Legislative Lawyering (LAW-795LL-001)
Hal Shapiro, John Gilliland
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This course provides an introduction to the role of lawyers in public policy formation and implementation. It focuses on legislation, congressional procedures, statutory interpretation, and other skills lawyers need to assist clients with legislative matters. It also will introduce you to lawyering issues arising from Executive Branch policy making.
The course will attempt to combine theory and practice at every stage. It attempts to introduce you to what the uninitiated would consider lobbying but, as you will see, lobbying is a small subset of the work lawyers do in relation to public policy. You will learn that lobbyists do not need to be lawyers – or even high school or college graduates. However, a lawyer can bring important and uniquely relevant tools to help clients in relation to public policy – whether those clients are corporations, non-governmental organizations, Members of Congress, or Executive Branch officials.This course is inter-disciplinary by design. Thus, it relies on a classic law school legislation textbook and readings rooted in history and political science. The first half of the course will largely focus on the mechanics of Congress and lawmaking, since knowledge of those procedures is fundamental to advising clients about U.S. policy formation. As we will discuss extensively, knowing how to move a bill – or defeat one – lies at the heart of most strategies advocates and lawyers employ in the policy arena. In some ways, this course attempts to do for legislation and public policy what Civil Procedure does for litigation.
Your readings will include background materials, statutes, congressional debates, congressional reports, political theory and commentary, and cases. You will have the opportunity to simulate the role of Members of Congress, constituents, and advocates. You will come to understand the pervasive nature and fundamental importance of statutory law. You will learn how Congress works (and, in the eyes of some observers, often does not work). You will gain skills to assist your future clients through legislative and policy solutions in parallel with or as a substitute for judicial or other legal ones.You will have some of your assumptions about Congress, statutes, lobbying, campaign contributions, and the U.S. political process challenged and, perhaps most importantly, you will hopefully become more aware and involved citizens. Key questions you will be able to address more thoughtfully at the end of this class include:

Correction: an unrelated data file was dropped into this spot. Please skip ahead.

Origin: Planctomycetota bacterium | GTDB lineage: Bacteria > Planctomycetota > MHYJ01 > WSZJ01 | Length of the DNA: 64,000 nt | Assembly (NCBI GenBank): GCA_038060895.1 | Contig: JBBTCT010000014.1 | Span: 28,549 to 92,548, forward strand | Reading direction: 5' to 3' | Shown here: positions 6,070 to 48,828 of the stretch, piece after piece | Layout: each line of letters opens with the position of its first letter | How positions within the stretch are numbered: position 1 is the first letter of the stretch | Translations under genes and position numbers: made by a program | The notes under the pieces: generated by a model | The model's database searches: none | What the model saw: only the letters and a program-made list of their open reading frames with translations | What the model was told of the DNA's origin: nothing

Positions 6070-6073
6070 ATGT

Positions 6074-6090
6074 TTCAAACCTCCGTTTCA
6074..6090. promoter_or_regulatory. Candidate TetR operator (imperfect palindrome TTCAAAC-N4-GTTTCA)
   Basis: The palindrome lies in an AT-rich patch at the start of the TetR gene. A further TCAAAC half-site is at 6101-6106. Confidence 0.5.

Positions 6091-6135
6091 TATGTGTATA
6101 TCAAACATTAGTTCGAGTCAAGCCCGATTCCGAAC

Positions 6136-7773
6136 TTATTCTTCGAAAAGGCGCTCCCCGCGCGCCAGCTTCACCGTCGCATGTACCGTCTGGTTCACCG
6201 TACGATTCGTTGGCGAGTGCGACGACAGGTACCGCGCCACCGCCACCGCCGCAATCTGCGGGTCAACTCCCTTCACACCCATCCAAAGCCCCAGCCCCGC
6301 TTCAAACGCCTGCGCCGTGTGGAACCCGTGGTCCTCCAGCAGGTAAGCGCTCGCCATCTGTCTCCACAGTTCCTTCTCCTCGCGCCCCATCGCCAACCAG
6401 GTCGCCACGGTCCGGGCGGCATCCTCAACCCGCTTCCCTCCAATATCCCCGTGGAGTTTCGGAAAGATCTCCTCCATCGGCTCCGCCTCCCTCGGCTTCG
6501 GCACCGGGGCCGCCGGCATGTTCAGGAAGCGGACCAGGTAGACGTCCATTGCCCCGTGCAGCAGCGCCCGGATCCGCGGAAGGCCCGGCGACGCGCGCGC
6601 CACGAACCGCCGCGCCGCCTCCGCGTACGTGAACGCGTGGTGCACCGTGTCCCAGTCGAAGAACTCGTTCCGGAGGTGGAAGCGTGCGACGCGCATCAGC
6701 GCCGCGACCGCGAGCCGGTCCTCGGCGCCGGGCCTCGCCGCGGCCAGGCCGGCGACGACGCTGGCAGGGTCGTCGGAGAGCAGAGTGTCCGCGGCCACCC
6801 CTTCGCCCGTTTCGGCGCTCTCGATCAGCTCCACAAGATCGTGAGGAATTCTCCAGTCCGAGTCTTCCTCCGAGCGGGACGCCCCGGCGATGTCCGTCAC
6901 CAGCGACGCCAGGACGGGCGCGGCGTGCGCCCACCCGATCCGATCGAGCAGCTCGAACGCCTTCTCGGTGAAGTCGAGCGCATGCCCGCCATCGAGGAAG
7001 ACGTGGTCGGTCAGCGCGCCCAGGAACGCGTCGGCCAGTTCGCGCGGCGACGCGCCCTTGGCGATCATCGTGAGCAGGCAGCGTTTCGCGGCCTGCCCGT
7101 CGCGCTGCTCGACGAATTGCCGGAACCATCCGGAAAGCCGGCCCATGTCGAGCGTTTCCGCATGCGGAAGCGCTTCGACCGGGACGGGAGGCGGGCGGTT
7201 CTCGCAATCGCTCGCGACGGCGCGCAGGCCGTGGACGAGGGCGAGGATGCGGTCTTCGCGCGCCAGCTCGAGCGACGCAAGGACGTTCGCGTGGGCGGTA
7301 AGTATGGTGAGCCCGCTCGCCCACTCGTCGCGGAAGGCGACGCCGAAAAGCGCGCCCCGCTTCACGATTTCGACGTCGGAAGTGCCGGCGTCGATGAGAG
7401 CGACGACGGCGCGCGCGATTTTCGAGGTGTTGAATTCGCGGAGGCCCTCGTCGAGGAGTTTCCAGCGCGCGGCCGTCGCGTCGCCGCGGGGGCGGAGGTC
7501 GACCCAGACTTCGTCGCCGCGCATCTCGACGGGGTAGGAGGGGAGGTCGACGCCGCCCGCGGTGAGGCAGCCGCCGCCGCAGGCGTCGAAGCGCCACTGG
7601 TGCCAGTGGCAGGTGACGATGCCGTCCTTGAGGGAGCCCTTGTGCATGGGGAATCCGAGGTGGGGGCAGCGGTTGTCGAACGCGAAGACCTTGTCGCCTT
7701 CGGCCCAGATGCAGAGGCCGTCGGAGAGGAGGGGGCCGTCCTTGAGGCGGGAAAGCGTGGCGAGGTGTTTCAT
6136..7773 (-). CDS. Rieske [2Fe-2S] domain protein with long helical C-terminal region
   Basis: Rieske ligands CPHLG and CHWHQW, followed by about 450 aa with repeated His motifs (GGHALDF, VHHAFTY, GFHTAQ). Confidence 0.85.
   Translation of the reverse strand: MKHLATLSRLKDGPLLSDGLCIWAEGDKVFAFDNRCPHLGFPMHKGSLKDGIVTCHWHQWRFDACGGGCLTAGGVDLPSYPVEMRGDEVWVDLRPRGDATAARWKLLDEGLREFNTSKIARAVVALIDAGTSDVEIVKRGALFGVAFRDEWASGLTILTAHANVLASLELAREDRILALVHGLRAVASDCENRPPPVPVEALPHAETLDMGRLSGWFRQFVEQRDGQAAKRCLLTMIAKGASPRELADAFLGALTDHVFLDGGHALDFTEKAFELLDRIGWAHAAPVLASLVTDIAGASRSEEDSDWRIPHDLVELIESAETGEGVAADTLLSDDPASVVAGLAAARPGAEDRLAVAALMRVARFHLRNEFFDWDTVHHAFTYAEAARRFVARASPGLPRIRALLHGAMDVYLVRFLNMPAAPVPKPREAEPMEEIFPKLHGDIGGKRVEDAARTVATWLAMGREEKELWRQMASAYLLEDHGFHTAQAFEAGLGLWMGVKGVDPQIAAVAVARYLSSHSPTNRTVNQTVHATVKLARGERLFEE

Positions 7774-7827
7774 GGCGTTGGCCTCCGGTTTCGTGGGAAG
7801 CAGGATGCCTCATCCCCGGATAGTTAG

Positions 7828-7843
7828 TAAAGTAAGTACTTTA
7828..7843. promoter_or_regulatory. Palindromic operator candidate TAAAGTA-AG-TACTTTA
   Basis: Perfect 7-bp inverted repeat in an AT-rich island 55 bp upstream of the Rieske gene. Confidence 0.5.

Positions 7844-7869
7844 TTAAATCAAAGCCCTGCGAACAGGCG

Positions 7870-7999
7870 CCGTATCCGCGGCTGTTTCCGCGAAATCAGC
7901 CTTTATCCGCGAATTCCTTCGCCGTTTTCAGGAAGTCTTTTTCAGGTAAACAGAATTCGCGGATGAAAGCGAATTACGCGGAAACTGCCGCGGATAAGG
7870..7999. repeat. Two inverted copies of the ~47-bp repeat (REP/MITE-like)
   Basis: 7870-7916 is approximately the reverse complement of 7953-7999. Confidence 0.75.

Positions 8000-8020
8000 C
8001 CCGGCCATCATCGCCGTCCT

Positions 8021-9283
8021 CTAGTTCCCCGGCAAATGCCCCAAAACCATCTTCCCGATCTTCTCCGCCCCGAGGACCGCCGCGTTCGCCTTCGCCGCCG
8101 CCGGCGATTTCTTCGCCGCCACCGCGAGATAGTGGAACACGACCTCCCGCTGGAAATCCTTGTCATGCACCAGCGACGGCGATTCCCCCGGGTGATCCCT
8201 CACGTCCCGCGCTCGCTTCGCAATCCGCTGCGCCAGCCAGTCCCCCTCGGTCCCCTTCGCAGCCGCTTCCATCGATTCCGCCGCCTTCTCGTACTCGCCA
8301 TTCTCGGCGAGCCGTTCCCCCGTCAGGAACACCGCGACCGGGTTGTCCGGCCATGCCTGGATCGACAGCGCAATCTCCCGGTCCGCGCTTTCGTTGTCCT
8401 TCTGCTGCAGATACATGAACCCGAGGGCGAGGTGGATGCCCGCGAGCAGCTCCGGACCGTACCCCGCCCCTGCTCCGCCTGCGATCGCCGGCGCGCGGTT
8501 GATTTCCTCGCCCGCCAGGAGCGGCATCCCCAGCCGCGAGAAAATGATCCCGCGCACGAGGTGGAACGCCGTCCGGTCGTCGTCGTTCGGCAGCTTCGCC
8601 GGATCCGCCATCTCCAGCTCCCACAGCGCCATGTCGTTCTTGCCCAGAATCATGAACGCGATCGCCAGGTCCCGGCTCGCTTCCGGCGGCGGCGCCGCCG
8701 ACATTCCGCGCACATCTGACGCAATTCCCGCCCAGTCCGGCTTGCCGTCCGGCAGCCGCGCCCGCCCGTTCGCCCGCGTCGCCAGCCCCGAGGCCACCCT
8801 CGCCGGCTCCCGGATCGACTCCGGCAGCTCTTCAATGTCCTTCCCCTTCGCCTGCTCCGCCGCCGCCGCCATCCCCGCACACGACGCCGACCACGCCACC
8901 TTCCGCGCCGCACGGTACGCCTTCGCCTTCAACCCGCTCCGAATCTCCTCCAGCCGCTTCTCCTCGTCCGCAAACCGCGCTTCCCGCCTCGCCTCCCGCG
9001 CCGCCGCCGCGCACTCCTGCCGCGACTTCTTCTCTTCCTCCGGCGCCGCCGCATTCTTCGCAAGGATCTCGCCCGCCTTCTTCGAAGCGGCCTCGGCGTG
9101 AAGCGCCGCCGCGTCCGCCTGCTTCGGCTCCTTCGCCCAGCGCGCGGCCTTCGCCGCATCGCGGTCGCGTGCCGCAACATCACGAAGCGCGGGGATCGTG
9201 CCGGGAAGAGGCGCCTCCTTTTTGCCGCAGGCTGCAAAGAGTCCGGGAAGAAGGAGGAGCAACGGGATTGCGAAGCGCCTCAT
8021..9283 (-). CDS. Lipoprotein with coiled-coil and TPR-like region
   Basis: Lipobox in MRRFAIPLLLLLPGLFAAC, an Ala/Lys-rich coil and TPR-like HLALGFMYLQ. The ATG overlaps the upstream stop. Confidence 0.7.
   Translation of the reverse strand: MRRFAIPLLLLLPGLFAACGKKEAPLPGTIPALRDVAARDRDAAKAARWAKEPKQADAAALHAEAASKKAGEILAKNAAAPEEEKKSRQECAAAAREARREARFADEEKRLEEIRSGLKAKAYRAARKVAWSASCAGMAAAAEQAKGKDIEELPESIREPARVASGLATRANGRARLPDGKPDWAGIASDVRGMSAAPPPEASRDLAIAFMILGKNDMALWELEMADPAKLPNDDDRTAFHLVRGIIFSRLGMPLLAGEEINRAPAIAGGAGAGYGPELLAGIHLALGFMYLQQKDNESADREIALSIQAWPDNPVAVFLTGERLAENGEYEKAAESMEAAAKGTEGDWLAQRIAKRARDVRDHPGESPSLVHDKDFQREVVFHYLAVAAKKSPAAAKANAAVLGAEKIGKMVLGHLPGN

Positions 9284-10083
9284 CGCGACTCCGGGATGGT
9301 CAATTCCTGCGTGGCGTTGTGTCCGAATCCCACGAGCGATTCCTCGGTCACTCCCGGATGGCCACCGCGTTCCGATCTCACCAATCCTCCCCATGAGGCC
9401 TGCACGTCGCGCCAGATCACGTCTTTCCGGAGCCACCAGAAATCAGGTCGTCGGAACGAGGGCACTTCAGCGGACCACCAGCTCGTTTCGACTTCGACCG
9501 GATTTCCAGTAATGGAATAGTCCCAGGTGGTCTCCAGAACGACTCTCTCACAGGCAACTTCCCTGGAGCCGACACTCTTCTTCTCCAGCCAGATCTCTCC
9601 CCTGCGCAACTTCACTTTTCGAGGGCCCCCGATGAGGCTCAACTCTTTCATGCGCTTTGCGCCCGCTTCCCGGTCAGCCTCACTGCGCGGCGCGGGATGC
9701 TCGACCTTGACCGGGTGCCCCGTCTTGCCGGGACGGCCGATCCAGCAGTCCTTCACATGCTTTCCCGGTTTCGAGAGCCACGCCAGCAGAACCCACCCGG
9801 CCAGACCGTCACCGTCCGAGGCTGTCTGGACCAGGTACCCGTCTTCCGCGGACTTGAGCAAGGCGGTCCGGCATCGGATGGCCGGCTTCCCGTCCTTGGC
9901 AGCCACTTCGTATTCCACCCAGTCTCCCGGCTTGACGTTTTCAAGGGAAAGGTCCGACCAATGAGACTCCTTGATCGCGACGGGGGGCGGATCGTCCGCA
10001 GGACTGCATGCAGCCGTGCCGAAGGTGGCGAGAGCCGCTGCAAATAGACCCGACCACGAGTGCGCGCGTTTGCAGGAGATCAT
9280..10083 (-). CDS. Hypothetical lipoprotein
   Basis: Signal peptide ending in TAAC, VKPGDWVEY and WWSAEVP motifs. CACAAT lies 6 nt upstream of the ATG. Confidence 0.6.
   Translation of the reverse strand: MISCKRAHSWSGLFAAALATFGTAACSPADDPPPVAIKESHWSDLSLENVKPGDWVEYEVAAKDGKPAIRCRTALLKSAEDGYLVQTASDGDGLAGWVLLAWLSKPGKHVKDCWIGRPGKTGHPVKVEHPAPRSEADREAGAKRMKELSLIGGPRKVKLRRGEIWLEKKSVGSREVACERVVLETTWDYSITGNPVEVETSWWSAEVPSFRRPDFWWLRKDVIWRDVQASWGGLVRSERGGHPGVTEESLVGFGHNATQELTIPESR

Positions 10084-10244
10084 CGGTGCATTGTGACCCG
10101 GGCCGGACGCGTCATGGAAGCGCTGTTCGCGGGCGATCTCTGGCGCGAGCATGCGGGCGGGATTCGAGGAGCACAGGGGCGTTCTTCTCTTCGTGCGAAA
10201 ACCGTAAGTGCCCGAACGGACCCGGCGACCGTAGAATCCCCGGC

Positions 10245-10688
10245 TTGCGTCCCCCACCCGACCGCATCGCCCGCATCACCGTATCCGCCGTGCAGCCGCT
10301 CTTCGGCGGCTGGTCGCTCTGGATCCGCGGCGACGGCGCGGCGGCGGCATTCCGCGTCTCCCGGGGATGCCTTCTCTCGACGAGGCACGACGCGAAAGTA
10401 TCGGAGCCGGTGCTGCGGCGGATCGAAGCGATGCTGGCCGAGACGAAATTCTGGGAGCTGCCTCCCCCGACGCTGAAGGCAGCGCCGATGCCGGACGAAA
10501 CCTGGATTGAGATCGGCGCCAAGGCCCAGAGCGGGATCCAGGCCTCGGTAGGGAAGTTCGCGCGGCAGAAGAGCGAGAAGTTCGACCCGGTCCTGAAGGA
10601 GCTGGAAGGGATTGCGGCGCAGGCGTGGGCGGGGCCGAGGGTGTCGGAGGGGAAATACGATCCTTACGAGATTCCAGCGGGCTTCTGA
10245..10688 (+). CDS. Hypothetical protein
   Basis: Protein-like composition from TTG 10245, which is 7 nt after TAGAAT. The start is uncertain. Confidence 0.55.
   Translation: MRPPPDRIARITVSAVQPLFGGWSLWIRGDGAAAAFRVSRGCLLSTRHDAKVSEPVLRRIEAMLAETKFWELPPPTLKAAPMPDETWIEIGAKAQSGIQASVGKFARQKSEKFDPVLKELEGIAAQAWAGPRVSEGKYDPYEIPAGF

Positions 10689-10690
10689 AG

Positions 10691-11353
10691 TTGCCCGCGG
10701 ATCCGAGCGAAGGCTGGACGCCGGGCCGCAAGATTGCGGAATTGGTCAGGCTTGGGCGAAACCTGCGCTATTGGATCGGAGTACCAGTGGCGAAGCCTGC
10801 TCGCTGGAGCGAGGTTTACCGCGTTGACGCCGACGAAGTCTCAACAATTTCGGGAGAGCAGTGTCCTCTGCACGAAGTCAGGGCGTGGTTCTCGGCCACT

• Why did the Framers create three branches of government and two legislative bodies, the House and the Senate?• Do we have a do-nothing Congress? Is that bad? Is that what the Framers intended?
• Who is a lobbyist? Was Ralph Nader? Is Bill Gates? Is Bono?• Is lobbying bad? Should it be outlawed? Can it be?
• What is a special interest? Are you one or part of one?• Are campaign contributions bad? Should they be curbed, banned, or expanded?
Public policy extends beyond statutes. It can take the form of Executive Orders and formal and informal statements made by government officials. It can also include regulations and judicial opinions, but those subjects are the subject of other courses and will not be covered here.
Textbooks and Other Materials
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First Class Readings
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